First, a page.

Harvest of Imagination

Louisville celebrities
contribute talents for charity

Louisville Stoneware auction benefits food bank

By Helen E. McKinney
Contributing Writer

LOUISVILLE, Ky. (December 2004) – As the holiday season unfurls, we often think of those less fortunate than ourselves. Louisville Stoneware has jumped to the cause and extended a helping hand by collaborating with Kentucky Harvest organizers to sponsor an event that will benefit many.

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December 2004 Cover

For the third consecutive year, a fund raiser auction of uniquely hand-painted Louisville Stoneware will be held Thursday, Dec. 2, at Louisville Stoneware’s downtown location at 731 Brent St. Pottery pieces have been embellished for “Harvest of Imagination” by “celebrity artists” and prominent people in the community, said Louisville Stoneware marketing and public relations representative Sandi Ratliff.
Festivities begin at 5:30 p.m. with cocktails, courtesy of Brown-Forman Corp., and hors d’oeuvres provided by Cafe’ Emilie, Chef Joshua Moore and Shuckman’s Fish Co. An auction preview and registration will follow at 6 p.m., with the auction beginning at 6:30 p.m. Admission is open to the public with a monetary or canned good donation at the door.
This event is the brainchild of Louisville Stoneware owner Christina Lee Brown and Kentucky Harvest founder Stan Curtis. The two put their heads together and came up with a fun, artsy way to donate to those in need.
When the event began three years ago, $6,000 was raised, said Ratliff. The amount climbed drastically with last year’s total of $20,000.
More than 30 celebrities were involved in the 2003 Harvest of Imagination. This year’s lineup includes plates, platters and mugs painted by filmmaker Stu Pollard, Sen. John Kerry, Ritchie Farmer, Keanu Reeves, John Conti and Heather French Henry. Many local news media personnel are also participating, including Byron Crawford, Dawne Gee, Bob Domine, Gary Roedemeier, Terry Meiners, Jackie Hayes, Rachel Platt, Fred Cowgill and Barry Bernson.
Harvest of Imagination is a nine-month project. Artists are sought immediately following the Kentucky Derby in May, said Ratliff. The majority of them come to Louisville Stoneware throughout the year, and Ratliff said a booth was even set up at this year’s PGA Championship golf tournament for the purpose of seeking celebrity and local artists.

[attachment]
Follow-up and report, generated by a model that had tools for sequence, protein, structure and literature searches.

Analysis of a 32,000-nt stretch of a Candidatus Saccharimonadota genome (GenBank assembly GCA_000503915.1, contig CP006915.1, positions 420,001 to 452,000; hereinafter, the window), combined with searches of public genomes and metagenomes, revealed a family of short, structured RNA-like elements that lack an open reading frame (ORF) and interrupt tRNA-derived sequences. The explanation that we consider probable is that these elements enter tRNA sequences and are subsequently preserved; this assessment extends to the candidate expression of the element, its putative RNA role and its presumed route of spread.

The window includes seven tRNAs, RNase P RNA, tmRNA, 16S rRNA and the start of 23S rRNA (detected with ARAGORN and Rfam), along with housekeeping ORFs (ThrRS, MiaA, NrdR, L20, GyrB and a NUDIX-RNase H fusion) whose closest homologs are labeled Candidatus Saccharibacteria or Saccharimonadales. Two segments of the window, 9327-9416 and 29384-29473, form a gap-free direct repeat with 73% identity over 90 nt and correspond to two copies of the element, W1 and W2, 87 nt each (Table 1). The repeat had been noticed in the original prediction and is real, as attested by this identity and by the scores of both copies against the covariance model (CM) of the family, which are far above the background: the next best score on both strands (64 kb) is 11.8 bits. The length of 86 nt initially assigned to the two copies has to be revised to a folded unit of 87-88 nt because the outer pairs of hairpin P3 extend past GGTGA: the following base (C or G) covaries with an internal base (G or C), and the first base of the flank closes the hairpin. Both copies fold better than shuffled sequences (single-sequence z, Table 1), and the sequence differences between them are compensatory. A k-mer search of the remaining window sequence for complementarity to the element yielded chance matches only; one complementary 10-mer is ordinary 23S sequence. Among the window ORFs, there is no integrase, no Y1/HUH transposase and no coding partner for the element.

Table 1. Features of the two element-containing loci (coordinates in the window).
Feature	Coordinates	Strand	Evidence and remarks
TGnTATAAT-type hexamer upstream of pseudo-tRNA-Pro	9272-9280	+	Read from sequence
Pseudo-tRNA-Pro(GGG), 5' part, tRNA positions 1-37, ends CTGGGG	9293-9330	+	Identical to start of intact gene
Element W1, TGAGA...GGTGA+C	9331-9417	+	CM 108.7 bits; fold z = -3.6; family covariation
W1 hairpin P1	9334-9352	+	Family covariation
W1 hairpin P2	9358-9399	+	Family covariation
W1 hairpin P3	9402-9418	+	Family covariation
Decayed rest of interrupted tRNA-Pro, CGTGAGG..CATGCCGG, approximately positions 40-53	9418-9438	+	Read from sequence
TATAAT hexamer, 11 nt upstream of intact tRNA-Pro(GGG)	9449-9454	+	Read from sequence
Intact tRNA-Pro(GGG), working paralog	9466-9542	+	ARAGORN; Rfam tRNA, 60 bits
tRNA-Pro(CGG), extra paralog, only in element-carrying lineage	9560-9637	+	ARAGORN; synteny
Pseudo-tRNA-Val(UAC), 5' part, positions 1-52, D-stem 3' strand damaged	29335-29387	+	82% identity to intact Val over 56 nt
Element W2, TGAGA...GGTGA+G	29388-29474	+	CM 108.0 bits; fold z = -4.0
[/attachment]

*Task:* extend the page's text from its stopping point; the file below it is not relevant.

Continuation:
Christy Brown

Photo provided

Louisville Stoneware owner Christy Lee Brown with husband Owsley Brown II.

Louisville Stoneware is known worldwide for its remarkable handcrafted pottery. It is one of the country’s oldest and most revered stoneware manufacturing firms. Many of the pottery patterns go back decades and are collector items.
In 1815, Jacob Lewis began experimenting with local clay, sending samples to Pennsylvania and England for assessment of pottery feasibility. By 1829, pottery was being manufactured at the corner of Main and Jackson streets in downtown Louisville. Lewis employed experienced English potters.
For a time, Louisville Stoneware was known as Louisville Pottery and has had various owners. Since March 1997, Brown, a Louisville community leader and civic activist, has owned the company. The clay that is used is mined in the region.
Gary Roedemeier of WHAS-TV 11 is one of the local media persons who painted pottery for Harvest of Imagination.
“I painted my platter right in the middle of the baseball season, and since I’m a baseball fan, I chose a baseball theme,” Roedemeier said,
His platter features a baseball diamond and bases in St. Louis Cardinals colors red and blue. Roedemeier said that since the Cardinals won the World Series the year he was born, one corner of the platter has 1942 on it and the other contains “St. L.”
Roedemeier has always supported Kentucky Harvest and his friend, Curtis. While Roedemeier painted his pottery, a 2-year-old was having a handprint made across the table from him.

Louisville Stoneware’s
‘Harvest of imagination’

• 5:30 p.m. Thursday, Dec. 2, at 731 Brent St., Louisville, Ky.
• What: Auction of stoneware pieces painted by “celebrity artists” with proceeds to benefit Kentucky Harvest food bank.
• Information: (502) 582-1900 or sandi@louisvillestoneware.com

“I helped distract the toddler and got him to smile, even though he didn’t want any part of the hand paint. His plate and my plate were finished, and I’m not sure there was very much difference in our artistic abilities.”
Fellow co-worker Joe Arnold painted a snack bowl. It has a “Buy me some peanuts and Crackerjacks” theme to it. It contains red baseball stitches on the inside of the bowl and words from “Take Me Out to the Ballgame” on the outside rim.
“I am a big fan of Kentucky Harvest and am eager to help the cause,” said Arnold. “Louisville Stoneware is wonderful. They help non-artistic people like me apply ideas that we might otherwise be unable to do on our own.”

Ed Hamilton

Photo provided

Kentucky artist
Ed Hamilton.

Most of the participants are modest about their artistic talent, and even timid about the outcome. But all agree it is for a good cause.
Rachel Platt, also of WHAS-TV 11, painted a platter with stars and a moon. Her simple “Peace on Earth” theme included a moon with an old-fashioned “Peace” sign in the center.
“I think it’s important all year long to remember those serving our country and to hope for peace. The holidays make that hope even more pronounced,” said Platt.
Kentucky Harvest collects and distributes more than 6,000 pounds of food a day in Louisville and southern Indiana. Restaurants, farmers, hospitals, bakeries, caterers, groceries, hotels and individuals donate more than 23 million pounds of food.

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